Just a note: We still have many slots left for our Sept 12-14th Homestead Seminar. I’m not sure what’s happened, but there hasn’t been a lot of response to this potentially great harvest seminar. If you’re interested in coming, let us know. (We may have to quit offering seminars due to lack of response.) — Jackie
Monday, August 25th, 2014
I have a recipe that I call my “flu/cold tonic.” I am wondering if it can be canned for longer storage.
Juice of 6 fresh lemons
1 bulb garlic
2 tsp. ginger powder
2 Tbsp. honey
3 cups pineapple juice
¼ tsp cayenne powder
Blend all ingredients thoroughly and store in a glass jar. Take 1 cup 4 times a day until the symptoms are resolved.
Sorry, but as it’s a mixed recipe (citrus and garlic), I really can’t say for sure. What you might do is to can up all of the juices together then add the spices, garlic, and honey at a later date. Sounds like a good cold remedy to me! — Jackie
Storing freeze dried and dehydrated foods
I recently ordered the Meals in a Jar book by Stephanie Petersen and the stated shelf life for some of the recipes are as little as 5 years… I was hoping they would last longer. How long do you think meals in a jar made up with freeze dried ingredients prepared properly with a oxygen absorber should last? Thank you so much for any thoughts!
Most freeze dried and dehydrated foods will last for decades if stored properly — out of direct light, sealed well in airtight containers, and kept relatively cool (the cooler, the longer they’ll last). Mixed recipes should last equally long unless they contain ingredients such as nuts or whole grain flours that go rancid fairly rapidly. I would expect the mixes to last much longer than five years but not having seen the recipes I can’t say with absolute certainty. — Jackie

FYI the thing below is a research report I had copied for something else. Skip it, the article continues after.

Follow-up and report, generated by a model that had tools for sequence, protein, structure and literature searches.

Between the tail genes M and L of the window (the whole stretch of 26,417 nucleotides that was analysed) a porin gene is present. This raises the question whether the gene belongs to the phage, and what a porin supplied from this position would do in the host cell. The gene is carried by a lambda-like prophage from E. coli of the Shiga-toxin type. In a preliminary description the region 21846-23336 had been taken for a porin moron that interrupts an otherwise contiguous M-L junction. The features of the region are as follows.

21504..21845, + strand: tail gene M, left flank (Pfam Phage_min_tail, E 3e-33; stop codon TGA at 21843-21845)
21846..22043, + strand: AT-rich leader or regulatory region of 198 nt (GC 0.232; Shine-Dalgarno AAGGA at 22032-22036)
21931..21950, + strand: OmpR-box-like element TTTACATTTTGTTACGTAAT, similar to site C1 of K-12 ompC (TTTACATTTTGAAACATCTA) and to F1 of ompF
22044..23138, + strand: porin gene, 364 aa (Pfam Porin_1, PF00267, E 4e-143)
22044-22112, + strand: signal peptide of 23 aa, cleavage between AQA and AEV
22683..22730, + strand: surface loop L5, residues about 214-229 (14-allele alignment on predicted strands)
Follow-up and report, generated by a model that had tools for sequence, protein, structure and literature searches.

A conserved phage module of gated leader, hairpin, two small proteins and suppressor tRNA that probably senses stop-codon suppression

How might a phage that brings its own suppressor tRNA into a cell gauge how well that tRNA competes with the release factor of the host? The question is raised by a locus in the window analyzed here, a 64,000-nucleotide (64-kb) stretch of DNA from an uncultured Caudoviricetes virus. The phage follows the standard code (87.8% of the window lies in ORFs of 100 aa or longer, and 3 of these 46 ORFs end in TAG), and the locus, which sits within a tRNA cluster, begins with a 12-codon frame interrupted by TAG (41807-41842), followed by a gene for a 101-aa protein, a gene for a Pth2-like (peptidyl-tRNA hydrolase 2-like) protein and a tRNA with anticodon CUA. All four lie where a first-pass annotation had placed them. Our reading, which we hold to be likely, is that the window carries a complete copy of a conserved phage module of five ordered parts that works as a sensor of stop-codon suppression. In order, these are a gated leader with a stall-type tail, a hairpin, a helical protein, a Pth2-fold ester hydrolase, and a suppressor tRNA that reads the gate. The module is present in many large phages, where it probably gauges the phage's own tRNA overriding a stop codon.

Sunday, August 24th, 2014
I was wondering if you ever saw a tomato that had a plant of some kind growing out of the fruit itself. I’ve had two of them from the garden now and am wondering if you’ve ever seen this and how it happens? Looks like an alien coming out of the tomato! There are several “stems” pushing out of it with many more just under the skin. I’ve searched the internet and can’t find anything on this.
Cream Ridge, New Jersey
Actually, I have seen this. It’s tomato seeds from inside the “mother” tomato that are germinating prematurely. Usually, the gel that surrounds the seeds prevents this. But sometimes something goes “wrong” and the seeds start germinating early. I’ve seen apples that have been in long-term storage do this too although the sprouting seeds haven’t penetrated the apple flesh or skin yet. — Jackie
I am new to homesteading. I follow most all your advice on keeping a homestead. We live in NJ on a small lot where I grow all our vegetables. Our neighbors have chickens and we all share our veggies and eggs together. We are not completely independent financially so my husband works outside the home while I tend to all the living in the home. We have a question regarding savings. How and where do homesteaders store their spare cash? I feel funny about keeping a jar of cash in the house. But I don’t have enough to put it in a savings account without fees. What do you recommend?